The SANDLAB (Social Affective Neuroscience of Decision-making)

The lab is interested in the neurobiological, motivational, and cognitive bases of human social behavior. A major focus of the lab is the use of computational models (neural network models) and current neurobiological findings and methods to illuminate various aspects of human social thought and behavior. We are especially interested in the integration of computational models with behavioral and neurobiological findings.

The lab addresses a number of central topics in human social reasoning and behavior. Our primary ones are listed below and on our research links.


Motivation, Personality, and Decision-making

The lab is deeply involved in understanding human motivation and is approaching this from multiple perspectives.  The foundation of our work is a neurobiological and computational model of human motivation based on the behavior of the ventral striatal (nucleus accumbens) dopamine reward system. We are examining normal Motivation and Decision-making, the structure and dynamics of normal personality and pathologies of motivation, such as depression and anxiety

Neural Network Models: Social Reasoning and Behavior

Our lab focuses on building neurobiologically plausible neural network models in different domains:

  • Motivation
    • Structure and Dynamics of Personality
    • Motivated Decision-making and Behavior
    • Pathologies of Motivation: Depression, Anxiety
  • Social Evaluation and Threat Perception
  • Coherence-based Reasoning in Decision-making
  • Coherence in Belief Systems, Belief Change  and attitude accessibility
  • Impression Formation and Person Perception

Coherence-based Reasoning

We have conducted a series of studies testing a coherence-based model of decision making based on these parallel constraint satisfaction processes in neural networks. We have investigated decision-making and judgment in both legal and everyday contexts. Our work has looked at both Cold Cognition and Hot Cognition 0r Motivated Cognition.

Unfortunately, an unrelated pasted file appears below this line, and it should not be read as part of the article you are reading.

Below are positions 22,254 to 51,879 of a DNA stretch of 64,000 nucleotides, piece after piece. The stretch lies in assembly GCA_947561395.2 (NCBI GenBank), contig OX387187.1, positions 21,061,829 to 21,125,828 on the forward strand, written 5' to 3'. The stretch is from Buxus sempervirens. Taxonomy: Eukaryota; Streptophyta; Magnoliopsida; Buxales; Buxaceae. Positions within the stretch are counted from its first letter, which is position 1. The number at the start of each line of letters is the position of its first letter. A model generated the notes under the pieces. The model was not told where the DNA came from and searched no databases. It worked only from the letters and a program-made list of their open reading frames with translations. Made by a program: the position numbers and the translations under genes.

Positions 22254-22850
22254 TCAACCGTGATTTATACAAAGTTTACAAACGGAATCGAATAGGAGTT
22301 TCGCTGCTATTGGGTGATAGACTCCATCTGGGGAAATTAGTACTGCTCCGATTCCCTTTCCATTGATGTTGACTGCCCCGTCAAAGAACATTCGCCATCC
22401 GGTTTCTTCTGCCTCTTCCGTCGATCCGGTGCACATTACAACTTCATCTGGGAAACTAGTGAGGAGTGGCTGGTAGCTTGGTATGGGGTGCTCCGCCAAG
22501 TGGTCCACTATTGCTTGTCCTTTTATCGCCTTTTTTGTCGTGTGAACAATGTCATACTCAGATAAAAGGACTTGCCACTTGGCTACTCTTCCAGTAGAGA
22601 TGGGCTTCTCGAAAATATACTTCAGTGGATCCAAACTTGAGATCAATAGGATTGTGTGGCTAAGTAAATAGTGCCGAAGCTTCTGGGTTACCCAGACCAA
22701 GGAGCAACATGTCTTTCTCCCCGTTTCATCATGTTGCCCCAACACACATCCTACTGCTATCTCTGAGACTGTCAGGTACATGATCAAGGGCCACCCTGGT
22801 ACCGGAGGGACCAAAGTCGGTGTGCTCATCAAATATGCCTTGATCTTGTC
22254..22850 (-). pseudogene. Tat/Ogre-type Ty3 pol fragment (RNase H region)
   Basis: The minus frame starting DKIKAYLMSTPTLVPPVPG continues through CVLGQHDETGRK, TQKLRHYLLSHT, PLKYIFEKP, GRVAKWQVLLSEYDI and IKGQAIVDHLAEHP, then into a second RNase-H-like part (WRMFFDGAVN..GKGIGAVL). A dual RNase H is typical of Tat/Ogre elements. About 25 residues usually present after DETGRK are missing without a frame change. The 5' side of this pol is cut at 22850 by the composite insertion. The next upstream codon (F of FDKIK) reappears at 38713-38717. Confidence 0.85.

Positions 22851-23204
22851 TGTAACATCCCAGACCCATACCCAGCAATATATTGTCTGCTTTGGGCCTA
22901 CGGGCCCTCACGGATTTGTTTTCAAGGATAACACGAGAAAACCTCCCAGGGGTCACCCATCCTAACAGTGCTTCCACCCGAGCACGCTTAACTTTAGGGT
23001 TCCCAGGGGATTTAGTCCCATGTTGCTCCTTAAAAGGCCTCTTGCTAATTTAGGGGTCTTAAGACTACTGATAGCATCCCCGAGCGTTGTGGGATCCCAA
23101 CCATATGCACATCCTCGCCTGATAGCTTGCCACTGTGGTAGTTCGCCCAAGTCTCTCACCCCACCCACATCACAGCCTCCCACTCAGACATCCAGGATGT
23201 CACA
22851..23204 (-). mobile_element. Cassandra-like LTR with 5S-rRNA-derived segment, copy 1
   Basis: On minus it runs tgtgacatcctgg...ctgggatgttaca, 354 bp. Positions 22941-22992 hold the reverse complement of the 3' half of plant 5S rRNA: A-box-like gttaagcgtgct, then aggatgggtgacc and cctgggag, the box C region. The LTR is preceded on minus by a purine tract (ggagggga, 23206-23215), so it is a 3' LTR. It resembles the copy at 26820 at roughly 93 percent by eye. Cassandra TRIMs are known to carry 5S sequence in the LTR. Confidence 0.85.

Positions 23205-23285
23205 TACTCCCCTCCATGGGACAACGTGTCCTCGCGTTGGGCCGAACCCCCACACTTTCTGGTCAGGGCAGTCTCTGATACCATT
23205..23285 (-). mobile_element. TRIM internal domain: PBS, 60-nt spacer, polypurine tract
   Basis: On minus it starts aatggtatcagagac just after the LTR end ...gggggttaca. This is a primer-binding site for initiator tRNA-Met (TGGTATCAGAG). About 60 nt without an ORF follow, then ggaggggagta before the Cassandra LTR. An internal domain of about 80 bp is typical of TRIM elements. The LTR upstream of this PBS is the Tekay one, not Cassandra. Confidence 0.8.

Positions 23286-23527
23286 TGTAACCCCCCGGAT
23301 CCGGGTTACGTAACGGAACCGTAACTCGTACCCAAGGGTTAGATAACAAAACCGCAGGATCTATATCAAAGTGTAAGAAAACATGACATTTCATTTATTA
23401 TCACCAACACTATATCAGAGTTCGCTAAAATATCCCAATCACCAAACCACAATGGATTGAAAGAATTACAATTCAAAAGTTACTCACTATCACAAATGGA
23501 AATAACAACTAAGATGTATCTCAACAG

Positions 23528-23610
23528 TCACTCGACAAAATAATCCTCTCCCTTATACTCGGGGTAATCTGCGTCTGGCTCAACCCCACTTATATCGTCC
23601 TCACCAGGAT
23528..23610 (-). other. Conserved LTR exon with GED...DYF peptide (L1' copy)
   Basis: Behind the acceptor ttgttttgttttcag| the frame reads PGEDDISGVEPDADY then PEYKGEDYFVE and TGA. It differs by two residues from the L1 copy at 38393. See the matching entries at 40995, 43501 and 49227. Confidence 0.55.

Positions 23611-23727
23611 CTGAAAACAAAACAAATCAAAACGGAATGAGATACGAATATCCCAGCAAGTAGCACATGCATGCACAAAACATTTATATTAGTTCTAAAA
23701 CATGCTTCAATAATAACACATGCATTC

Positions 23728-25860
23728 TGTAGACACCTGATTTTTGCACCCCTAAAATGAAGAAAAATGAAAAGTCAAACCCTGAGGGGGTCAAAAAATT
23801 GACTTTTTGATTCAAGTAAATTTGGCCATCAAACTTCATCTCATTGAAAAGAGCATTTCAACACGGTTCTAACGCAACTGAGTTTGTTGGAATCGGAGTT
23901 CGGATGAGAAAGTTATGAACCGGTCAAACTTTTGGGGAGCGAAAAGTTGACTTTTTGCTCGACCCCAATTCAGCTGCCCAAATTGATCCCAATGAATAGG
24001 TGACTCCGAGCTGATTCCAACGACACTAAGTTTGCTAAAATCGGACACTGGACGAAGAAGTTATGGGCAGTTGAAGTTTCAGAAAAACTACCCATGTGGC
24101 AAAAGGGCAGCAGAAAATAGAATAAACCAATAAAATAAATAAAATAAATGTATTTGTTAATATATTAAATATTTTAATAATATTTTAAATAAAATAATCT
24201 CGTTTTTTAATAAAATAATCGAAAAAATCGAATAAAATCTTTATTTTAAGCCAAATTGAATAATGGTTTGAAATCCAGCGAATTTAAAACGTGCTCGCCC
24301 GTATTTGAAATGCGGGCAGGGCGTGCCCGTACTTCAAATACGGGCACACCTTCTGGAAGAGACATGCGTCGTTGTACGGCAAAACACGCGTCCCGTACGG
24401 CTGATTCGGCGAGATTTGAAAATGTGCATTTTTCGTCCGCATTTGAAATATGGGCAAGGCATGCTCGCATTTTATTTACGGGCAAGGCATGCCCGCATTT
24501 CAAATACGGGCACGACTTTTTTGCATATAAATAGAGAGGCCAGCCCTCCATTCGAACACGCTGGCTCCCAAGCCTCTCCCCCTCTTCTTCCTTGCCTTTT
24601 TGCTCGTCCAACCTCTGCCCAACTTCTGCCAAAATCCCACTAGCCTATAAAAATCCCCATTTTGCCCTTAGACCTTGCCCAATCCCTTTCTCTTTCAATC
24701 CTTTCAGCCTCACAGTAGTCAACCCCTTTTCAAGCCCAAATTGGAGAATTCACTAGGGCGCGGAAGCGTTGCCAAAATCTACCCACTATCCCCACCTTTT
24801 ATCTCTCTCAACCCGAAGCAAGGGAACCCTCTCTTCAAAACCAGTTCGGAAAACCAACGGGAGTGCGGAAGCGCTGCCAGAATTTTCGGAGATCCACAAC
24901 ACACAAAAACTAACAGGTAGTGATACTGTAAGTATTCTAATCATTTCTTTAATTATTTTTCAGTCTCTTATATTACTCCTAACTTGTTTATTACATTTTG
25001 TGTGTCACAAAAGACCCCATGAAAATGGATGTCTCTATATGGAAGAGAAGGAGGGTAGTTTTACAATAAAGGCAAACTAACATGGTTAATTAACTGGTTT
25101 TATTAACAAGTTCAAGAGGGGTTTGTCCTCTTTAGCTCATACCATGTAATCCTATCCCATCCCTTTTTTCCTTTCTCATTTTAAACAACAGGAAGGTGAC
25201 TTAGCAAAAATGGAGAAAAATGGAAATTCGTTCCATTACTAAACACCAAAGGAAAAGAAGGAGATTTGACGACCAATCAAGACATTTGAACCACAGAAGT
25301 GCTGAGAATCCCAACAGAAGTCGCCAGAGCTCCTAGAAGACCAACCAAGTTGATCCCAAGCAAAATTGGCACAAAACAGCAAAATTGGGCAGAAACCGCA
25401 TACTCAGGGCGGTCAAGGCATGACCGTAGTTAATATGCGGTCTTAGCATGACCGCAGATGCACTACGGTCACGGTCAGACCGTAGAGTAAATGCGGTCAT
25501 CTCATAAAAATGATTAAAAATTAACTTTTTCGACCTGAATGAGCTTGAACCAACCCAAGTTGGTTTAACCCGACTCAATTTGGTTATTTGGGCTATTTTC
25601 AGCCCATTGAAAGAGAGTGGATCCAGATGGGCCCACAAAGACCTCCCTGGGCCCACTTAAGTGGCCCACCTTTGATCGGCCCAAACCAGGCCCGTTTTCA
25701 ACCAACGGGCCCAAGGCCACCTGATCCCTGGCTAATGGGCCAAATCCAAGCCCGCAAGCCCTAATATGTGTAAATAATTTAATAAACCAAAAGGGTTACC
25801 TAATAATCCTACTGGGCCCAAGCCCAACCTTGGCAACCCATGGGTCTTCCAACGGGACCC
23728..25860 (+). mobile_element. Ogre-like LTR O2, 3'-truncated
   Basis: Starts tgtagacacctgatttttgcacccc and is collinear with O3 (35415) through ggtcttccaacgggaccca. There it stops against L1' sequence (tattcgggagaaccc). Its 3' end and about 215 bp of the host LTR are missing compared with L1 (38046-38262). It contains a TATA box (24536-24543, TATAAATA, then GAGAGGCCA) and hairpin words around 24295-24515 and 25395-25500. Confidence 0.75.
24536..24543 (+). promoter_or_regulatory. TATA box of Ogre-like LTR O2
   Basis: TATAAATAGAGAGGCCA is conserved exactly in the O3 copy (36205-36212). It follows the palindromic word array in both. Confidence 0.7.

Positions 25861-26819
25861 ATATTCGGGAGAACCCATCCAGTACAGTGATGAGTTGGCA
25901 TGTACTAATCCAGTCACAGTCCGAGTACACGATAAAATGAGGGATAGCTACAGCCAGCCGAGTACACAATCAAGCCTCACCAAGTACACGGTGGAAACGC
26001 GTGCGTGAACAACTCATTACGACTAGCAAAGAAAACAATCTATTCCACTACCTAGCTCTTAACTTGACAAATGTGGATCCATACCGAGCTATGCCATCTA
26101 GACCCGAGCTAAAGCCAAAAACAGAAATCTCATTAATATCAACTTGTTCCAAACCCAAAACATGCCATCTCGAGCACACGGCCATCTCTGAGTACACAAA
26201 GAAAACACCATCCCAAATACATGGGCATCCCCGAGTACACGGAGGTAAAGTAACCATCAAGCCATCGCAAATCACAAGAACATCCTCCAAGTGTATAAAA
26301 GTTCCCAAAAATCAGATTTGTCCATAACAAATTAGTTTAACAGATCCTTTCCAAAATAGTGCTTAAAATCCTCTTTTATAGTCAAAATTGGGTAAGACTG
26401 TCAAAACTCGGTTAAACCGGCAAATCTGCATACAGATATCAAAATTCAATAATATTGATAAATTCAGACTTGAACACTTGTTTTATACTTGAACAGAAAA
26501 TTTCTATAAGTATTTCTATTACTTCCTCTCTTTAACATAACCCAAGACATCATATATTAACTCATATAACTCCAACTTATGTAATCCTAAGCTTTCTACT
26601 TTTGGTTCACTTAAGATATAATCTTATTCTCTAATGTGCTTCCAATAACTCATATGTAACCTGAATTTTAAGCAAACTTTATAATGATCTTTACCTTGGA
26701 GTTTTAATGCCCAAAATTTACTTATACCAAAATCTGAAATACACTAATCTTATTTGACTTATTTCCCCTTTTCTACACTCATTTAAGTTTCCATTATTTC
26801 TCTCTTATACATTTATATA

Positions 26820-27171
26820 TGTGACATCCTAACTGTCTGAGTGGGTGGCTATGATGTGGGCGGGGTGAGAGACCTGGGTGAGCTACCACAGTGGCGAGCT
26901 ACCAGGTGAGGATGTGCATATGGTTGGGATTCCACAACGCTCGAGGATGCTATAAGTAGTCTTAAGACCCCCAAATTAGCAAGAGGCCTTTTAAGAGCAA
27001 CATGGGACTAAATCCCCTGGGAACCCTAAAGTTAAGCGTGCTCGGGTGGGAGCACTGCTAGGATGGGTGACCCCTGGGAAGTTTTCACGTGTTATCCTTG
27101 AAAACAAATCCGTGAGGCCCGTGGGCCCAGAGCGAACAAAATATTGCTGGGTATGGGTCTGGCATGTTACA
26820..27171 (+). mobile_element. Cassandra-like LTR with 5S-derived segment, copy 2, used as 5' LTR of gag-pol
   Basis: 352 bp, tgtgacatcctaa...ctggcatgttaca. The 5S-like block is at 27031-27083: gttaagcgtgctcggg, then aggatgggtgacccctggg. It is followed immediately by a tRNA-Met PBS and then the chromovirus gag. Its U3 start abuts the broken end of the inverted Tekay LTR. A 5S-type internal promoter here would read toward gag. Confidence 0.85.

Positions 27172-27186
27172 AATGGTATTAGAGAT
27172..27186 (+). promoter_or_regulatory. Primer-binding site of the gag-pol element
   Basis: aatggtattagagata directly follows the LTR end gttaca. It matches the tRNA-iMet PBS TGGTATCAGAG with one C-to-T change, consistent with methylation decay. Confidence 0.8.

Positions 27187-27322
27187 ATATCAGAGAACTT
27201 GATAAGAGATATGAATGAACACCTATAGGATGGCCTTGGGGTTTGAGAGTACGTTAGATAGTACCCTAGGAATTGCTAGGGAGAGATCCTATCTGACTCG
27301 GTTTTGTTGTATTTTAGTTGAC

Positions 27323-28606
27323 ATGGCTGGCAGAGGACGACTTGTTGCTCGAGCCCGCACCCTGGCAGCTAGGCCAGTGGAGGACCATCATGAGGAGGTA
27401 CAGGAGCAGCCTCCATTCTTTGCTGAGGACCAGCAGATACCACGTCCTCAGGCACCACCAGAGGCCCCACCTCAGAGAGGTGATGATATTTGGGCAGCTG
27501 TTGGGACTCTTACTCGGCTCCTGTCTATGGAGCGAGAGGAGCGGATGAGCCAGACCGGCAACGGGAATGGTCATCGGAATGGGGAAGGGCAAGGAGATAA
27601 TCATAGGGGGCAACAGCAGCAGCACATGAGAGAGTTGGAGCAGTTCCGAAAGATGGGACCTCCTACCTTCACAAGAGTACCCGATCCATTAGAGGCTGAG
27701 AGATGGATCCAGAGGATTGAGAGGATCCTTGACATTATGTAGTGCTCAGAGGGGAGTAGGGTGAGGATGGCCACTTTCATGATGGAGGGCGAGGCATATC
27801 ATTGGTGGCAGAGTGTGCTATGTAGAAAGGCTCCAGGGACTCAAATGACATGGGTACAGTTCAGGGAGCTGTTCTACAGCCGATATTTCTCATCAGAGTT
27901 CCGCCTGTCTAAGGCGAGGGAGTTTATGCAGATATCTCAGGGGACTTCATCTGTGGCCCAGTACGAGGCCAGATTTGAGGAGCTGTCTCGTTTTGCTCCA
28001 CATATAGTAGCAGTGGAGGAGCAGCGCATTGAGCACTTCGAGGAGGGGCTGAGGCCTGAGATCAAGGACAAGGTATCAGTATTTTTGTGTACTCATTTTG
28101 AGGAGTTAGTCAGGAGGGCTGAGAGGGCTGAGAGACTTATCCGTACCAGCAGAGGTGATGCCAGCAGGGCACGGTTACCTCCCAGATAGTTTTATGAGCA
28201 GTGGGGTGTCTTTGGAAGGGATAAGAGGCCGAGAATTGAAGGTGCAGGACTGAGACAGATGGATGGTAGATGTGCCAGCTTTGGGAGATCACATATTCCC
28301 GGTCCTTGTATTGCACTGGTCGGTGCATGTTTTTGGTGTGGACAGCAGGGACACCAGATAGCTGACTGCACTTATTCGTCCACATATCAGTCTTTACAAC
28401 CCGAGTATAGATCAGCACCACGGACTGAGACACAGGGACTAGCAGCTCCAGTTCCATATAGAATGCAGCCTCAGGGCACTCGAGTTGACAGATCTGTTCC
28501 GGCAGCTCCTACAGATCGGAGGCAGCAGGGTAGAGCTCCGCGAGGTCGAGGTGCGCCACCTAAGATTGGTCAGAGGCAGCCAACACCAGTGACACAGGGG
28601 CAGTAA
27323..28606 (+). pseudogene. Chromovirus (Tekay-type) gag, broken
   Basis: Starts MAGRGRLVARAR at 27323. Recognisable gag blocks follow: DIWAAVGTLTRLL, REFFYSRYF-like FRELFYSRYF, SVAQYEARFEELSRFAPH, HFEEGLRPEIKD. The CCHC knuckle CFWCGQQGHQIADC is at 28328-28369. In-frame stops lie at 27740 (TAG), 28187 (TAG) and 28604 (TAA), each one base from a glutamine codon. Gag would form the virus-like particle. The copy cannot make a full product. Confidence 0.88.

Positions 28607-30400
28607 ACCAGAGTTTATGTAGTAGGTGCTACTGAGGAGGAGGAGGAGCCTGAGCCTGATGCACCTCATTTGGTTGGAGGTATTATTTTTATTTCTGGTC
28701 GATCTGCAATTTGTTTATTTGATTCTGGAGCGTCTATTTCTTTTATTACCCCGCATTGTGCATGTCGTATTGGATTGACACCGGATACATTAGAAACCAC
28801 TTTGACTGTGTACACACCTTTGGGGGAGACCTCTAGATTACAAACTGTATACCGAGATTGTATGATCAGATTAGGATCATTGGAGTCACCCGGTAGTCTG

Dan Simon and I have recently published an article arguing that Coherence-based reasoning is the mechanism behind a wide range of reasoning biases.

Social Perception

We have proposed a model of social perception that argues that making sense of other’s behavior is very much like understanding a story where, as we read the story, we build a more and more detailed mental model or mental structure of the characters and events, and the motivation and personality of the characters.  To build these mental models or narrative structures we draw on a rich body of knowledge that we have developed over our years, and we use constraint satisfaction processes to fit these pieces of knowledge together into a coherent representation.

Taxonomies of Human Motivation

A fundamental requirement for truly understanding human motivation is having a detailed hierarchical taxonomy of human motivation that allows us to move from the broadest of human motives to fairly specific goals.  Over the years my colleagues and I have developed two detailed, hierarchical taxonomies of human motives.

Prior Work

Neurobiology of Risky Decision-making

We conducted a NIDA funded grant that allowed us to examine the neural circuitry underlying risky decision making in METH and non-METH using men who have sex with men (MSM). We used a combination of fMRI, structural MRI, diffusion tensor imaging (DTI), personality questionnaires, and computational modeling to attempt to capture the components and the neural circuit that underlies risky decision making.

Interactive Media

We previously worked on an NIGMS funded grant on computational modeling of motivation, personality and risky decision-making. The project attempted to build a neurobiologically based model of the major components involved in risky decision-making.

Lynn Miller and I had an extensive body of work over about 20 years on using Interactive Media to change risky sexual behavior in men who have sex with men.

Contact Steve

Stephen J. Read

Mendel B. Silberberg Professor of Social Psychology

821 SGM

3620 McClintock Ave

Department of Psychology

University of Southern California

Los Angeles, CA 90089-1061